Carry on, Citizens!

Ashton vs Walmart

Ashton vs Walmart

Yesterday, actor Ashton Kutcher engaged in a war of words with Walmart on Twitter. You can read the details here, but the gist of it this: Walmart employees in Canton held a food drive for Walmart employees who were struggling to make ends meet this Thanksgiving. Rather than applaud their generosity, he took the opportunity to bash Walmart for their large profits last year.

So, my question to you Citizens is this: Is Ashton’s outrage justifiable, hypocritical, or simply misguided? Before you answer, consider these numbers. Ashton is offended that some of Walmart’s workers live below the poverty line, yet the company reported a $17 billion profit last year. Many people chimed in with their support. I wonder how many of those people knew these numbers.

  1. The entry level hourly wage of a set designer in Hollywood is $16/hour.
  2. The entry level hourly wage of a camera operator on a TV set is $26/hour.
  3. The entry level hourly wage of a stage director in TV is $10/hour.
  4. The entry level hourly wage of a producer on TV is $17/hour.
  5. The entry level hourly wage of a PR specialist in Hollywood is $17/hour.
  6. Ashton Kutcher’s salary last year was $24 million.

~Data from

My guess is the people working on the set of Ashton’s show make more than the wages above. It’s  a hit show and they can attract the best talent. However, the best talent didn’t start out as the best talent. They had to start out at the bottom and work their way up. That’s the way with most career fields. Walmart’s entry level jobs, just like most entry level jobs in retail, were never designed to support families. And that’s where the minimum wage arguments come in. Some tasks simply have more value than others.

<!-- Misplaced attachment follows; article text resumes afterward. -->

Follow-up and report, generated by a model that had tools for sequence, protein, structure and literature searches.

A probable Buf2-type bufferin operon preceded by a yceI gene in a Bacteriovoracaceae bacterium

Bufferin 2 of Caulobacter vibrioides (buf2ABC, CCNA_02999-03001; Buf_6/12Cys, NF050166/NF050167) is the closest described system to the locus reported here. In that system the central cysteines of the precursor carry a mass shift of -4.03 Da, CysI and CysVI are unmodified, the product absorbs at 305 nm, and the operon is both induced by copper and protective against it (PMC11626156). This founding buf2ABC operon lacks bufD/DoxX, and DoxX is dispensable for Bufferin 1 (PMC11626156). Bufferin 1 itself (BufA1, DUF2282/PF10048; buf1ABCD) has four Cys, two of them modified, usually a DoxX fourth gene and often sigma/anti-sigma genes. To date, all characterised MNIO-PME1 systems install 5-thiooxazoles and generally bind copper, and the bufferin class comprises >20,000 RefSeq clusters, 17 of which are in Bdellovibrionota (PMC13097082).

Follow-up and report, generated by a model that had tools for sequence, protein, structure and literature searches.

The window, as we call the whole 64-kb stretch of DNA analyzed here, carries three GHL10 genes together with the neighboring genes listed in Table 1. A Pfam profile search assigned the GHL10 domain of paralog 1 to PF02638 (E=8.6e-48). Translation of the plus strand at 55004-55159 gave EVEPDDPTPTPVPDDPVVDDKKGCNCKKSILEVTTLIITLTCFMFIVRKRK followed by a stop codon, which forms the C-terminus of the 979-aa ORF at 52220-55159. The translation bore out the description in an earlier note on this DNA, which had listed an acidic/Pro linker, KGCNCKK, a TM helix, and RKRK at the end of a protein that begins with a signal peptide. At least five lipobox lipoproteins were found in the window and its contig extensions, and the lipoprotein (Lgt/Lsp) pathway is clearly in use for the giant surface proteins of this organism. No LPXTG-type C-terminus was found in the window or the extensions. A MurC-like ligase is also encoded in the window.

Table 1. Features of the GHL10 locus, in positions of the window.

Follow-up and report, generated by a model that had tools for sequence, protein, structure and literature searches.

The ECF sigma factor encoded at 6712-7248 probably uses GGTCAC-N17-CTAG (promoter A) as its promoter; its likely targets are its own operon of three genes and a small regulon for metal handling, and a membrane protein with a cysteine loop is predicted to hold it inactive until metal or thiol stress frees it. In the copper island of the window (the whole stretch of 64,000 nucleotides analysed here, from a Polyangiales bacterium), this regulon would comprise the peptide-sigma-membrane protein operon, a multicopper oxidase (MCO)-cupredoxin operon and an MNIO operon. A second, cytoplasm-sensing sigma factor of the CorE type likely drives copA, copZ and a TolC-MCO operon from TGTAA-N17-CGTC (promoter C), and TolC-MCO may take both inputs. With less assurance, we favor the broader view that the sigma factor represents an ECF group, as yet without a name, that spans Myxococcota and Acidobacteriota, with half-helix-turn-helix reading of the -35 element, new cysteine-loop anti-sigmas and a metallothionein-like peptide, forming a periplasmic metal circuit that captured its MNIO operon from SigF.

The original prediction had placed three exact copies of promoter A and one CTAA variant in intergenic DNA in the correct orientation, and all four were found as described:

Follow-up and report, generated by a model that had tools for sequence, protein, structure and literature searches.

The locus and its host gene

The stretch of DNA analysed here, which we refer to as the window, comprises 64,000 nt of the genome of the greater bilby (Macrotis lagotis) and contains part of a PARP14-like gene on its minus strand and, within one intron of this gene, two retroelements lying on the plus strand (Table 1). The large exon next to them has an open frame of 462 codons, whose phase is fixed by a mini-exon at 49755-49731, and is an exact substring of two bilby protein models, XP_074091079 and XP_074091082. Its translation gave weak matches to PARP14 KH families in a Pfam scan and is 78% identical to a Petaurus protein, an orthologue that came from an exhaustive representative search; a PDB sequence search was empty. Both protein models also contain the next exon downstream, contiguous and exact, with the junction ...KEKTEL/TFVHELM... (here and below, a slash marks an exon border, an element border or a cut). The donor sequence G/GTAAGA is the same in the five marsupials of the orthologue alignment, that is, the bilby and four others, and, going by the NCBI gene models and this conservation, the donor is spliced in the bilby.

I worked in the social services field for 10 years as a fundraiser. I’ve seen the poorest of the poor. I have seen people that had their circumstances thrust upon them, and I’ve seen those whose poor decisions created their circumstances. Neither were turned away from getting help. But I saw enough of the second type to know that businesses are too often vilified for the poor decisions of their entry level employees. I’m certain some of those people being helped in Canton couldn’t control the circumstances that brought them to a place where they needed help. But I’m also certain that there are probably some that made repeatedly bad decisions which limited their future ability to get good paying jobs.

Here’s another thing I’m certain about: in the 10 years I was in my nonprofit job, no company supported us at the level Walmart did. From cash, product, to staff volunteering, no company gave more to help support the poorest in our community. Does that mean they always do the right thing? Nope. No large organization always gets it right. But, unlike Ashton, I’ve worked directly with the people he is trying to defend and the company he is trying to vilify. And I know the truth. The truth is that issues like this are not as black and white as a celebrity detached from the real world would have you believe.

Happy to hear your thoughts.

Carry on, Citizens!

Pin It on Pinterest